That is the operative word: “Freedom!” The passage of time seems to have ended when freedom ended. Forgetting that time marches on can sometimes be perilous. In a recent post, “Return to Downton Abbey: A Feast for Ordinary Time,” I mentioned two of my friends, Mike Ciresi and Michael Martinez, both of whom will play an important part in this post. Two months ago, young Michael Martinez was moved to another unit in the prison. He mourns the fact that he can now see me and Pornchai –Maximilian only a few times a month when a Mass is offered in the prison chapel. He told me he often feels alone and stranded now, so one day recently I agreed to meet him for a Sunday evening prayer service.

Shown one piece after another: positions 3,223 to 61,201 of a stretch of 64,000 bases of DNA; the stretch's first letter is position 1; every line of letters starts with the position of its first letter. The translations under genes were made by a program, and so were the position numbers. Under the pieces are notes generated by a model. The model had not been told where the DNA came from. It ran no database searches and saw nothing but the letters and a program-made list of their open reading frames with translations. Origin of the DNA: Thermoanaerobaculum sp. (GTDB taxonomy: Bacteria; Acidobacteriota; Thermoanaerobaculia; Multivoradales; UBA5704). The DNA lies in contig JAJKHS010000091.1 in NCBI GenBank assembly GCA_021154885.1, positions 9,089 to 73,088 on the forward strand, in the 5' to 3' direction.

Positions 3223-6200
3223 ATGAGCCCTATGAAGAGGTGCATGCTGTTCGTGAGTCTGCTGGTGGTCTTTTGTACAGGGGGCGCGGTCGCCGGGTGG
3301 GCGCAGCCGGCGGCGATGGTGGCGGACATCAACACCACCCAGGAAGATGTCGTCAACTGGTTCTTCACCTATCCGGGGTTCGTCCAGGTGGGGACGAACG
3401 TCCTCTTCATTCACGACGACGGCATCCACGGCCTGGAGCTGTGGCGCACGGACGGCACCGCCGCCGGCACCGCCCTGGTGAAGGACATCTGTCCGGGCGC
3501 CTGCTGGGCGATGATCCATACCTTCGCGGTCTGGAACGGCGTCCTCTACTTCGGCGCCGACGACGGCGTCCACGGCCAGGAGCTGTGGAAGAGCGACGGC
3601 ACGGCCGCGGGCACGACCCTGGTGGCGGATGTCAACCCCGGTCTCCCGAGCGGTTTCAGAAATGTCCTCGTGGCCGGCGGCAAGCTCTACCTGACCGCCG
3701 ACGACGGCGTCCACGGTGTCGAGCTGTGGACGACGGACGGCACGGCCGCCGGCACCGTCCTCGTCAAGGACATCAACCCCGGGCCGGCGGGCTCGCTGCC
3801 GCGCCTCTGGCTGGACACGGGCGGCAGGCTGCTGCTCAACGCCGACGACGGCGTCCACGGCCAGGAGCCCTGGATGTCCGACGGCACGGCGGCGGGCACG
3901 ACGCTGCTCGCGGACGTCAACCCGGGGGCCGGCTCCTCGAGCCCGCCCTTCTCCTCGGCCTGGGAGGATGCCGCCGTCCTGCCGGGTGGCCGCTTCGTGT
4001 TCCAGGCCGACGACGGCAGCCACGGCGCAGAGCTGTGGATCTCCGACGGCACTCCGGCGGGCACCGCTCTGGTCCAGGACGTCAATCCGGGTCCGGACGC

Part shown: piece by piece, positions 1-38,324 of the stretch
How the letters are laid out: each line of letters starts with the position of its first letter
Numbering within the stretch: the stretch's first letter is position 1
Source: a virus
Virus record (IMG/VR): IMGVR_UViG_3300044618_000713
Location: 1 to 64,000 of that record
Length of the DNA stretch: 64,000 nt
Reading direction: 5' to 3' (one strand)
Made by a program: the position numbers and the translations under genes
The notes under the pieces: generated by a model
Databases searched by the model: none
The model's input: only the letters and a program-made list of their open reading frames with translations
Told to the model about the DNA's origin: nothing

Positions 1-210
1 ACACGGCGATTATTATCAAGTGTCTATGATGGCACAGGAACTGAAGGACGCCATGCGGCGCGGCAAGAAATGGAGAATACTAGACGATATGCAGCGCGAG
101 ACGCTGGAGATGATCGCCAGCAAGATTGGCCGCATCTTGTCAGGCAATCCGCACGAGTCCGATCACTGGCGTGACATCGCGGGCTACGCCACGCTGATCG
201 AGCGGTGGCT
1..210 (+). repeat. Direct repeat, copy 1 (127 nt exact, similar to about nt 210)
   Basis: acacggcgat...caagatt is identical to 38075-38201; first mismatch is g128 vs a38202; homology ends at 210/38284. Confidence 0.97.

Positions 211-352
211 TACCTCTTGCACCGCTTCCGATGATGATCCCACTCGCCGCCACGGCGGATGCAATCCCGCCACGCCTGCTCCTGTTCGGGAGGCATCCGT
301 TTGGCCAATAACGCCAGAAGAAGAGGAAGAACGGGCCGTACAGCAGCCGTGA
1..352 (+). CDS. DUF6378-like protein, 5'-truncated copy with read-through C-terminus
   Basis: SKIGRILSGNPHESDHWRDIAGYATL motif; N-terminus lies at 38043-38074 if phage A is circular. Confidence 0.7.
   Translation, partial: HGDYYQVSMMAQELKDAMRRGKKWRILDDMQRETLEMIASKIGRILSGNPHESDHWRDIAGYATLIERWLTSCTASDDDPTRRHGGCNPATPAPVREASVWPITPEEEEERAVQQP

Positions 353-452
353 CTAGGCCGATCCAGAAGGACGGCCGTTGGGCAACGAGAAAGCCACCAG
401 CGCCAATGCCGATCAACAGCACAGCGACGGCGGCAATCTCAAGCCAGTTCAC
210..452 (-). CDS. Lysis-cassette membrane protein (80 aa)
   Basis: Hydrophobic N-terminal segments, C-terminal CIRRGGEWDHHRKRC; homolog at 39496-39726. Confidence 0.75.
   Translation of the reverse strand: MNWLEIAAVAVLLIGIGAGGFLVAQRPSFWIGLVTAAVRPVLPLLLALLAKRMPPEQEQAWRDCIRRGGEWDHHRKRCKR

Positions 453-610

When it was over at 9:00 PM, we were descending the six flights of metal stairs to the prison’s main yard. The stairs are built onto the outside of the building, much like the fire escape of an old urban tenement. We had just had an ice storm. Descending the icy metal stairs in the dark, while wearing my new bifocals, my feet were suddenly higher than my head which landed with a loud “CLANG” on a metal grate eight stairs below.
In a split second, Michael reached out to stop my fall, but – aware that he just had reconstructive surgery on his shoulder and collar bone – I pushed him away, which just increased my momentum. Michael was fine, but I ended up with a badly twisted shoulder and a really cool Harry Potter-like lightning bolt scar on my forehead above my right eye.